bfsync - manage git-like repository with big files
bfsync <command> <args>...
bfsync is a program that provides git-style revision control for collections of big files. The contents of the files are managed by bfsync, and a git repository is used to do version control; in this repo only the hashes of the actual data files are stored.
For transfer, bfsync needs to be installed on every system that needs to be accessed. The actual transfer is done using ssh. Transfer has only be tested with ssh keys; it’s highly recommended to use ssh-agent to avoid entering your password over and over again.
bfsync has a number of commands, the options depend on the command.
Initialize new cloned bfsync repo from git repo <repo>; it’s highly recommended to always work with a bare git main repo (git init --bare).
Add files to the bfsync repository
Commit changes to the repository
Push changes to upstream repository
Pull changes from upstream repository
get <dir>|<remote dir>...
Transfer file contents from directory - usually the directory should contain a bfsync checkout of the repository you’re working with. However, it is possible to get data from any directory (local or remote), and as long as required hash values are found, it doesn’t matter where the data comes from. A path with a ":" is interpreted as remote path, a path without ":" is a local path. Examples for remote paths are stefan@server:/big/files or server:some/dir
put <remote repo>
Transfer file contents from local directory to remote repo.
Checks local repository - ideally, all files that are known to the git index of the repository should be found and their hash values should match the values in the git repo. If thats not the case, put/get can be used to complete the local repository.
mv <src_file> <dest_file>
Use this for renaming a file - in the local repo, the data is automatically adapted, but for remote repositories, you’ll need to use get/put to get the data right, and delete to delete the old file.
Remove a file from the repository. On the local checkout the data file is removed automatically; however on remote hosts, using bfsync delete is required to remove the file.
This will check for files that are present locally, but not known to the index git repo. This can occur if you create new files, or if remote renames have been done. Since bfsync cannot distinguish these two cases, you’ll have to confirm the delete list or abort if files that you have newly created are on that list.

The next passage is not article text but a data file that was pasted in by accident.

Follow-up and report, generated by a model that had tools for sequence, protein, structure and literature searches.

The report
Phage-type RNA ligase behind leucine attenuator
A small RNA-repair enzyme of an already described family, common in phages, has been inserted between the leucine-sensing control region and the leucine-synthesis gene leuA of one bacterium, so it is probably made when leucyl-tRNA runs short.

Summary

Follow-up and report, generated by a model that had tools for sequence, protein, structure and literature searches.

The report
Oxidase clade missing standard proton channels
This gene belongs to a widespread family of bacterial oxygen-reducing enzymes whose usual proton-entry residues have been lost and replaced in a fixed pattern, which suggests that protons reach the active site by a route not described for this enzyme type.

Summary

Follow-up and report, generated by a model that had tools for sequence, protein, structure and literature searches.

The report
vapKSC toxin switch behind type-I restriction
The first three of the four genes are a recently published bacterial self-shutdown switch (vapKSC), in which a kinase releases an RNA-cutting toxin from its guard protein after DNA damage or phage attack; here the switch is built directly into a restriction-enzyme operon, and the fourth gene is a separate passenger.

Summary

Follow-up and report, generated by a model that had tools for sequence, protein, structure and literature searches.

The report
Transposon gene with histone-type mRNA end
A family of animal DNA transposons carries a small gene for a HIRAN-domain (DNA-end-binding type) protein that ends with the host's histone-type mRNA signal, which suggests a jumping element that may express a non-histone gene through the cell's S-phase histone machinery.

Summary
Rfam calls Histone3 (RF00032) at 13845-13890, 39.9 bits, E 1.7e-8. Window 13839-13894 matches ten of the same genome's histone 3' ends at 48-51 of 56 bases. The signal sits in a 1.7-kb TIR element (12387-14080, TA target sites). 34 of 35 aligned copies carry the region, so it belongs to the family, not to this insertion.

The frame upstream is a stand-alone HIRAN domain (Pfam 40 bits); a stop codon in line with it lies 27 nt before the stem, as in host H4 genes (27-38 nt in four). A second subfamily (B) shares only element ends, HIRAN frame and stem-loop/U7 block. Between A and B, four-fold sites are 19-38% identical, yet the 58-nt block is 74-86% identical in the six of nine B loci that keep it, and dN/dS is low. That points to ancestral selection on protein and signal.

repo-files [-0|--null] <dir>
This searches a directory for files that are also in the repo. If you start moving data to the repo, you can clean up copies that might be present elsewhere. Using -0|--null makes the output suitable for use with xargs -0.
Show status information about files in repo.
create and setup repositories on three computers: server,
client1 and client2. The server will hold the main
repository (a git bare repository containing hashes of
files); this repo is the canonical index which files are
checked into the repository. It is stored under
~/repos/big.git. All computers will contain a checkout, so
that the actual contents of the files can be kept there.
server:~$ mkdir -p repos/big.git
Create a directory on the server for the main git index repository.
server:~$ cd repos/big.git
server:~/repos/big.git$ git init --bare
Init git repo.
server:~/repos/big.git$ cd ~
server:~$ bfsync clone repos/big.git
Clone repository on the server.
client1:~$ bfsync clone server:repos/big.git
Clone repository on client1.
client2:~$ bfsync clone server:repos/big.git
Clone repository on client2.
As second step,
we add a music file on client1. Of course it’s
possible to add more files in one step, either by passing
more than one filename to bfsync add, or by calling bfsync
add more than once. Whenever files are added or otherwise
changed, we need to commit and push the changes to the
server, so that it contains the canonical index of files.
client1:~$ cd big
client1:~/big$ cp ~/download/01-some-music.flac .
Copy a big file into the repository checkout
client1:~/big$ bfsync add 01-some-music.flac
Add the file to the repository.
client1:~/big$ bfsync commit
Commit the changes to the repository.
client1:~/big$ bfsync push
Push the changes to the server.
So far, we have
added the file to the repository on client1, but the
contents of the file are only present on client1, and not in
the other repos. To change this, we can transfer the file to
server:~$ cd big
server:~/big$ bfsync pull
Updating the git index repository is required on the server before we can transfer the file there. By pulling, the server will have the necessary information, or in other words: the server can know that a file named 01-some-music.flac is part of the bfsync repository and should be there. Running bfsync check will report one missing file after this step.
client1:~/big$ bfsync put server:big
Now the actual transfer: after this step, both client1 and server will have a copy of 01-some-music.flac.
As last step,
we’ll transfer the file to client2. Of course we could
use the same commands that we used to get the file to the
server, but let’s assume that client2 is behind a
firewall, and that it’s not possible to ssh to client2
directly. Fortunately, besides uploading files to another
host (bfsync put), it’s also possible to
download data from another host (bfsync get).
client2:~$ cd big
client2:~/big$ bfsync pull
Update directory information.
client2:~/big$ bfsync get server:big
Get the file from the server.
git.1 <http://testbit.eu/index.php?title=Git.1&action=edit&redlink=1>, rsync.1 <http://testbit.eu/index.php?title=Rsync.1&action=edit&redlink=1>